I'm just going to rename 2018 Apple's Year of the Pro, because from hardware to software, Apple has been pushing out updates to almost everything almost any type of pro cares about. And, just the latest, is Final Cut Pro X version 10.4.4.
March 2, 2019: Apple Final Cut Pro X 10.4.4 Presentation
Great demo of many of the new features from the latest Final Cut Pro X release.
Wish I'd been there. But this is almost as good.
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Workflow Extensions are hella cool (can I still say that?) Now, I'm not completely sure this uses the exact same architecture as Extensibility, which in my opinion remains one of the biggest advances in personal computing in years, given its astounding balance of functionality and security. But, the implementation fits that model.
You can now bring third-party apps right into Final Cut, which makes for a more coherent, much more convenient experience.
It's not wide open yet like share, action, and photo filter extensions were at launch. Apple is working directly with partners right now to ensure a really seamless fit and not — oh god, oh god, this hideous requestor won't get off my timeline. How do I kill it. How do I kill it just to watch it die.
Shutterstock is there, and lets you preview and purchase assets right from Final Cut. Frame.io lets yo collaborate in a way that makes me wish I was an editing team of several and not just one right now. CatDV brings that powerful asset management system right into the Final Cut interface.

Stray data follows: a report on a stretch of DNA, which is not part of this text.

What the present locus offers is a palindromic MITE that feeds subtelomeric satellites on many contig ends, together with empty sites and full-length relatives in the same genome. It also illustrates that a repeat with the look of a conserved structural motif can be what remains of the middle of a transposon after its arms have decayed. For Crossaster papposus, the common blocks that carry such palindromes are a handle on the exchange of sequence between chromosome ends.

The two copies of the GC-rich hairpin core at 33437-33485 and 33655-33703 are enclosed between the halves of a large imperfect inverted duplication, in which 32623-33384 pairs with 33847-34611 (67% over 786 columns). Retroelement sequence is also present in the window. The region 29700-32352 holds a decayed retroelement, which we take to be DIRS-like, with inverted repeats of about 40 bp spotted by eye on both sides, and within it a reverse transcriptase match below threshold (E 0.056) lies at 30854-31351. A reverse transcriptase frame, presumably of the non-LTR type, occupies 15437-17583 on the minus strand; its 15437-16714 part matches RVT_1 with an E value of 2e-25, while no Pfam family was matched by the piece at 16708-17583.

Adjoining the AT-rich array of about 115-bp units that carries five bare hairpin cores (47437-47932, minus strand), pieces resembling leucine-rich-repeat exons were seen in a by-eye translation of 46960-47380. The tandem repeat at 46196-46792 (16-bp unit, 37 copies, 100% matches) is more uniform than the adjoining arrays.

You can download the extensions for free from the Mac App Store, though you'll need to have or create an account with many of the services behind them. Several of them, like the ones I mentioned are there starting today, with more coming all the time.
And, while I've only had a very limited time to play around with them, if Workflow extensions are anything like previous extensibility features, they're going to be a real game changer in terms of having what you need just exactly where you want.
There's a new comparison viewer that pops up an independent window over the rest of the Final Cut interface so you have reference images immediately accessible and available for color grading anything and everything else in your timeline. That means no more scrolling around or deliberately miss-sequencing something just scrub back and forth between. You can quickly jump back and forth, and save reference images from the timeline, other projects, and even the web.
I'm still a complete primitive when it comes to color grading, but even my pain points are addressed by this.
Timecode window, Tiny Planet, Batch Export, and Noise Reduction
There's a new, floating, customizable Time Code window that you can drag around, resize, and use to track project or and source timecode.
And new Tiny Planet mapping so you can create spheres out of your 360º video in non-360 projects, and animate it to change the field of view and zoom around.
There's a new batch share so you can export multiple clips or projects in a single step. You can add a LUT and combine with bundles, for multi-file, multi-format mega-sharing. Which sounds like it'll be great for dailies.